Among the many items discussed at Tuesday night’s Tift County Board of Education work session were Special Purpose Local Option Sales Tax (SPLOST) projects and the school system’s projected revenue, expenditures and shortfall for FY 2014-15.
Robby Dasher, director of operations, informed the board that the property committee recently met and discussed several items. They went over the swim team, the pool and changes that the school system may be looking at making in the future. He mentioned cleaning up some property near Matt Wilson Elementary School that is a safety concern for students.
Also, Dasher said they talked to the city about closing a portion of Dorminey Street due to many Matt Wilson students crossing the street to go to the gymnasium each school day. The city has agreed to allow them to put gates (rolling or big swing gates) on that street. Only a portion of the street, in front of the gym, will be closed during the course of the school day to prevent traffic from coming through and it will be reopened once school is dismissed.
Dasher noted the gates will not close the street entirely. He said 17 1/2 Street, a side street off of Dorminey Street, will not be closed. The public will still have full access to 19th Street also. They’re not blocking anyone from their homes, Dasher added.
However, concerns the board had were after-hours events and parent pickup. Superintendent Patrick Atwater said it will be a challenge for those parents who arrive early for pickup. He said they won’t be able to allow parents on the campus for car rider lineup until a later time.
Chairwoman Kim Rutland suggested that they began communicating this information by putting it on their website so that it won’t be a surprise to anyone.
Furthermore, Dasher said renovations are in progress at Matt Wilson and will soon begin at Charles Spencer Elementary and Eighth Street Middle schools. He said ESMS needs a facelift with renovations, such as improving the lighting and painting to brighten up the hallways.
Rutland asked when it would be more feasible to build a new school. Dasher said the state helps with that. He explained when they put together their five-year facility plan and go into a school and look at the age and conditions of the building, the state has a formula and can make recommendations. It’s more cost effective to replace a school.
Atwater said the end decision rests with the local board of education whether they have the money to pay for another school. He said if the state doesn’t agree with that decision, they will not give any financial assistance.
Dasher said the property committee also discussed some system-wide security for school buildings — electronic access control. He talked about possibly using proximity cards and card readers on doors to help with missing keys.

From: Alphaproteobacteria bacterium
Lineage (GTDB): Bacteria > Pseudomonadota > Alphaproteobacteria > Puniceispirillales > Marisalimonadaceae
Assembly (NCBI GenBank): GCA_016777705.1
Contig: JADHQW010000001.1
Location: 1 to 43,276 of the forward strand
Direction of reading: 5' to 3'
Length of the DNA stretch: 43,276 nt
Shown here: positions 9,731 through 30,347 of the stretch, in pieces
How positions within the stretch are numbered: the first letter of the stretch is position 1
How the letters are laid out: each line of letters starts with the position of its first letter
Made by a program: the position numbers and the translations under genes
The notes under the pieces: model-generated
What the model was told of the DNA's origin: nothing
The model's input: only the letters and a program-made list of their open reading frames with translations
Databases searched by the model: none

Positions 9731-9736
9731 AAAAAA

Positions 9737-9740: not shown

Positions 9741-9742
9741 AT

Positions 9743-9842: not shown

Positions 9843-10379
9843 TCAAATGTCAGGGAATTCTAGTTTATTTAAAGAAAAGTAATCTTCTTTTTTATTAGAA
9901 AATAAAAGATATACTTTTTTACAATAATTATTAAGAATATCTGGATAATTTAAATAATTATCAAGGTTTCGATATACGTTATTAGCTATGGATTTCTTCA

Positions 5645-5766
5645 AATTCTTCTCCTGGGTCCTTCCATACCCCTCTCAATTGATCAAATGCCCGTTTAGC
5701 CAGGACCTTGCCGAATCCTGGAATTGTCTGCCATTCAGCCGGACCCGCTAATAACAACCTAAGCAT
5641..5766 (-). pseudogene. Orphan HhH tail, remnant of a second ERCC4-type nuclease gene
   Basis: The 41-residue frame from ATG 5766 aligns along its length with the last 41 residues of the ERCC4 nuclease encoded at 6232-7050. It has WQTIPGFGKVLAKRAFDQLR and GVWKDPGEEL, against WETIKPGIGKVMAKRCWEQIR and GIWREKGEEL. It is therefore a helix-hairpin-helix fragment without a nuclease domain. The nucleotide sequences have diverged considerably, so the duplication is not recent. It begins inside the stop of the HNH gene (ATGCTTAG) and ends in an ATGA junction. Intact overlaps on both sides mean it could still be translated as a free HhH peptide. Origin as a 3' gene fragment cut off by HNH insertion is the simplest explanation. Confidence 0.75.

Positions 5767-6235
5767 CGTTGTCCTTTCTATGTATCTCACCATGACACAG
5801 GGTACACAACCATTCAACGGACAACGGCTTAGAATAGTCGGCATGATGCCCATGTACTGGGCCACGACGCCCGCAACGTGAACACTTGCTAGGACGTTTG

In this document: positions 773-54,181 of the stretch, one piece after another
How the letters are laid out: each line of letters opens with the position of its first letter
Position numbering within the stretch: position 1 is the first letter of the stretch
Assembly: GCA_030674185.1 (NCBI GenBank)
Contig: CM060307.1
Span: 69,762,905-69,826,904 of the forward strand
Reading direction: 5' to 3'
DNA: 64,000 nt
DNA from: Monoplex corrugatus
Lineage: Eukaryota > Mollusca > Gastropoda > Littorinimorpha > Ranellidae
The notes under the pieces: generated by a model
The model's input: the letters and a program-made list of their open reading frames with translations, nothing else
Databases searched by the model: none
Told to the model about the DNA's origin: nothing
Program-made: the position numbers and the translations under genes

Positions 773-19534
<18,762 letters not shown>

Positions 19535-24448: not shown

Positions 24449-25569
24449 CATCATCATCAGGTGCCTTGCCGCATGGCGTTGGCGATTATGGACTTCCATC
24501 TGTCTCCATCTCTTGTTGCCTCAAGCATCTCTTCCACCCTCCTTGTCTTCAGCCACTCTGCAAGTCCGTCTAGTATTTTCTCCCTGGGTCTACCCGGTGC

He said the software is another way to make the schools, students and staff safer. Board member Rita Griffin said safety is important, adding the back entrances to the schools are her main concern, which need to be secure. Dasher said the door sensors would help with that, and would identify if a door is left open.
Dasher also said the school system would not be required to hire someone to monitor the software. The system is working toward it and looking at the cost at this time. He noted this upgrade in security will be paid for with SPLOST funds.
“We believe this is definitely something that we need to do to make it more secure,” he said.
In addition, Atwater mentioned the possibility of an off-site location for an alternative school for students who have been expelled and are not being accepted by a youth detention center. The board is working with the county to find a location. The county has two possible locations. Atwater said he’s still discussing these options with the county manager.
In unfinished business, Rutland said no one has expressed interest in serving on the board to fill the District 3 vacancy. The seat was held by former board member Gannon Hall, who had to step down due to him moving out of the district.
“We’re actively and diligently looking to replace the board vacancy in District 3,” Rutland said. “Anybody has any suggestions, please let us know.”
In new business, for FY 2014-15, Finance Director Klinton Guess said the school system is currently looking at a projected revenue of $52,751,712, projected expenditures of $57,356,024, and a projected shortfall of $4,604,312. He also discussed the state’s projection of a 1 percent raise, which he referred to as a bonus, because it would be a one-time bump. He noted next year, everyone will go back to where they were. If the governor approves, this would be a decision of the local board whether they would want to award it.
Atwater said if Quality Basic Education was fully funded, there would be no projected shortfall.
To contact reporter Latasha Ford, call 382-4321.